Brisbane’s very own celebration of all things queer is back – and with last year’s historic yes vote, there is plenty to celebrate (and dissect) at the upcoming MELT Festival. In its fourth year, MELT now opens on IDAHOT Day (International Day Against Homophobia, Biphobia, Intersexism and Transphobia).
Over 11 days of cabaret, comedy, musical theatre and talks, MELT celebrates the vibrant diversity of the LGBTI+ community. With drag, parties and pride galore, the culture-fest is unlike anything else on the annual calendar. Get involved at these must-see events.
Remembered for being the first to speak so openly about life as a gay man, Quentin Crisp defied those who had come before him. In Resident Alien, Helpmann Award-winner Paul Capsis pays homage to Crisp by stepping into his shoes. As Crisp, he invites you into his New York apartment for a frank chat about life – and no topics are off limits.
MELT Beauty Pageant
Which drag queen, drag king or trans beauty is the fairest of them all? The annual MELT Beauty Pageant returns to crown the worthy winner; but first, glory must be earned. Contestants will compete in three rounds – Graceful Glamourzons, Tremendous Talent and Costume with a Message – with Miss Tina Bikki as host.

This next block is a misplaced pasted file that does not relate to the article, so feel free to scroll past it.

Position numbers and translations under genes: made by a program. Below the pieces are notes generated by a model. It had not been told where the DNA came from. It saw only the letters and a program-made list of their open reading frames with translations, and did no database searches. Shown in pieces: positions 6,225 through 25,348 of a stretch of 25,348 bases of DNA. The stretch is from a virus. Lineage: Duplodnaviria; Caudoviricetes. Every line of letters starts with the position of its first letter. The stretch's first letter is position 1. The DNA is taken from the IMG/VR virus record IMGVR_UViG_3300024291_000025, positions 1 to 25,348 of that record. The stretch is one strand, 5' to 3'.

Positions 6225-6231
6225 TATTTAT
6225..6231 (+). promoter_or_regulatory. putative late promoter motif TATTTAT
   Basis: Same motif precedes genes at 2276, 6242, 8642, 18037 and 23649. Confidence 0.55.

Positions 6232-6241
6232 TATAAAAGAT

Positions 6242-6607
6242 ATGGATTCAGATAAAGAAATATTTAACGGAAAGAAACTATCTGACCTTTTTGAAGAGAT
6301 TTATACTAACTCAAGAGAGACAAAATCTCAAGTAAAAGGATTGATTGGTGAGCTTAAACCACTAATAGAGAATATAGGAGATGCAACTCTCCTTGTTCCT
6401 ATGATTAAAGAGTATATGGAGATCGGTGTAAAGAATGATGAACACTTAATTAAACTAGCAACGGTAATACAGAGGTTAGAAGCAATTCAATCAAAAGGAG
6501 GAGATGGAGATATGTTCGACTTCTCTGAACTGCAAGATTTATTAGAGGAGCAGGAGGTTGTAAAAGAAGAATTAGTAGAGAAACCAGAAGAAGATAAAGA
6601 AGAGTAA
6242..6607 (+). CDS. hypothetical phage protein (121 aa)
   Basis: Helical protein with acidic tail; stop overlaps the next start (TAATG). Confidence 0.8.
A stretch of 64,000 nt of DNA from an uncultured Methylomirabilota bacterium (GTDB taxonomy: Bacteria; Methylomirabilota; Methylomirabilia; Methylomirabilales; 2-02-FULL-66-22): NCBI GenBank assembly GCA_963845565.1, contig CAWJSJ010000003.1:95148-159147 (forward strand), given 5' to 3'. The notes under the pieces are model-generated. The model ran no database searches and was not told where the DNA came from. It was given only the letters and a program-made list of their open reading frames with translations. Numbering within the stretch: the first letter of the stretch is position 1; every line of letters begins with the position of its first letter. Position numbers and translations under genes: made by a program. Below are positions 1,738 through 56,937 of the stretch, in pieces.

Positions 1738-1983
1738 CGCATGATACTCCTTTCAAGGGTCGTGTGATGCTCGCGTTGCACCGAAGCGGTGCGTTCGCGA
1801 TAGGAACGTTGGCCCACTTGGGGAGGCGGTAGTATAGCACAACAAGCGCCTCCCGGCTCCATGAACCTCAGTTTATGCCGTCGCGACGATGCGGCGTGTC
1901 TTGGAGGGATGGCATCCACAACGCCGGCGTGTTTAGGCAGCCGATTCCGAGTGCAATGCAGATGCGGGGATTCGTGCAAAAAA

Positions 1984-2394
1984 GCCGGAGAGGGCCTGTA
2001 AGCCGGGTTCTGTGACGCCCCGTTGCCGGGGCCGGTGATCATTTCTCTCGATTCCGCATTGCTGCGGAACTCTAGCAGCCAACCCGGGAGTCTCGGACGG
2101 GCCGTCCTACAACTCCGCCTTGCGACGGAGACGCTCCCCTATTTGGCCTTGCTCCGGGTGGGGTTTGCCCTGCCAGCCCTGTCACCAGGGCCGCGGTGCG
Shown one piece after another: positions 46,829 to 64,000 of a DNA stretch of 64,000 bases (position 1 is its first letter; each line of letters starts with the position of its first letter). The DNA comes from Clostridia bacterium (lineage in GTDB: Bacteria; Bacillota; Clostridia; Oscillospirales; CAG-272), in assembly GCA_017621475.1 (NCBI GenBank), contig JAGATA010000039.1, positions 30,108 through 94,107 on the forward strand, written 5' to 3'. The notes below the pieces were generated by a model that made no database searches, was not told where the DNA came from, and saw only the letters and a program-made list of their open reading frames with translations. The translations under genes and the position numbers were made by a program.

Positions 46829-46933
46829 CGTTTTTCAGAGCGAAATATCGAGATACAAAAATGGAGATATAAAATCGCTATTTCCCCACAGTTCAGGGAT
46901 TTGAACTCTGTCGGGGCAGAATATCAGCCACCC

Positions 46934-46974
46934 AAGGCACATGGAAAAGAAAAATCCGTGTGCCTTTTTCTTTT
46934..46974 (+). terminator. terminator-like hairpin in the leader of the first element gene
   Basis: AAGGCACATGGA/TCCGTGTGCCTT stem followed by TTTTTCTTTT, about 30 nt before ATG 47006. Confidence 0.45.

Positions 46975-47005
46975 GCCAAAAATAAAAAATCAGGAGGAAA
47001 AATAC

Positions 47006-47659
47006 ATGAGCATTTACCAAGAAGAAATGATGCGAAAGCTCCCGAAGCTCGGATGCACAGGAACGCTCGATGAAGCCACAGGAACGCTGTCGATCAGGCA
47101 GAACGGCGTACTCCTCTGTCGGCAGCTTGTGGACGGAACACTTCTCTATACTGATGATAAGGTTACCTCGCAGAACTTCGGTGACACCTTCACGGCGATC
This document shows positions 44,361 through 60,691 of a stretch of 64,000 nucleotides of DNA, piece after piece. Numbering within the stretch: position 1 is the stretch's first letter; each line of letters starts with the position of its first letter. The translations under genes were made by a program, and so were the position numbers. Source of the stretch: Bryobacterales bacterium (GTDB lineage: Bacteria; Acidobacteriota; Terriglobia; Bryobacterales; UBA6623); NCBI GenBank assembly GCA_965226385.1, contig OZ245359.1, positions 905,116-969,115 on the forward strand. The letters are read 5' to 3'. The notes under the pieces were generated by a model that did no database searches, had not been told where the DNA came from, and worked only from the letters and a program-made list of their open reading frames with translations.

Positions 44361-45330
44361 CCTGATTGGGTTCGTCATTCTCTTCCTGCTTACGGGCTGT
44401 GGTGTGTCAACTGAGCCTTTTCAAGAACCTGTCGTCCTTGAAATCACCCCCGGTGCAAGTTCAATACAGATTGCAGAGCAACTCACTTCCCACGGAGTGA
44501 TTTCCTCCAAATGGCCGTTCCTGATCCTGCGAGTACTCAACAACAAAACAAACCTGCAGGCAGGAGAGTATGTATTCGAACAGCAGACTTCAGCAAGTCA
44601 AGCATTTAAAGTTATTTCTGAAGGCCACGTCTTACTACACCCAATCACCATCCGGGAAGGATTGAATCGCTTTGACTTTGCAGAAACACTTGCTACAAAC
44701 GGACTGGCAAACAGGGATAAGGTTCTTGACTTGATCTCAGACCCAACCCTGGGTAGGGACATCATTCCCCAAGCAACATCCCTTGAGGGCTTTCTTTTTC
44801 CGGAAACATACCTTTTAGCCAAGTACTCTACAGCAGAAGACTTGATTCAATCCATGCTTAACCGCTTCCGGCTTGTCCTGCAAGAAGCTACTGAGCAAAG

Love anthems for same-sex couples are few and far between, but that doesn’t mean the great love duets can’t be given a MELT-style makeover. Coupling will see Queensland’s Chamber Orchestra, Camerata, take music from the 70s, 80s and 90s to create a pop-filled love-fest the LGBTI+ community will relate to.
How Not To Be A Boy
Australia’s ideas around masculinity are deeply entrenched into our culture. But what happens when you don't live up to society’s ideas of what maketh a man? For How Not To Be A Boy, comedian Robert Webb will sit down with writer Benjamin Law to reflect on the expectations they faced as boys and men, and how these experiences affected them.
Incorporating comedy, burlesque, cabaret and circus into a single dizzying performance, Briefs defies male gender stereotypes. The troupe is always popular when they perform in Brisbane, and this show has a futuristic theme that wraps around Briefs’ signature witty social commentary.
23 May to 2 June
Though it’s a contemporary pop rock LGBTI+ musical, Bare is set in one of the most traditional and conservative environments of all: a catholic boarding school. Students Peter and Jason have fallen in love in this setting that is anything but conducive to their relationship. As they struggle to find a way to come out, tensions begin to simmer and popular athlete Jason worries how he will cope with the fallout.
24 May to 2 June
Power and identity are the themes of Turbine – a searing ballet and live music performance by Collusion. Together, dance and music work together to pose the question: what price are we willing to pay for certain freedoms?
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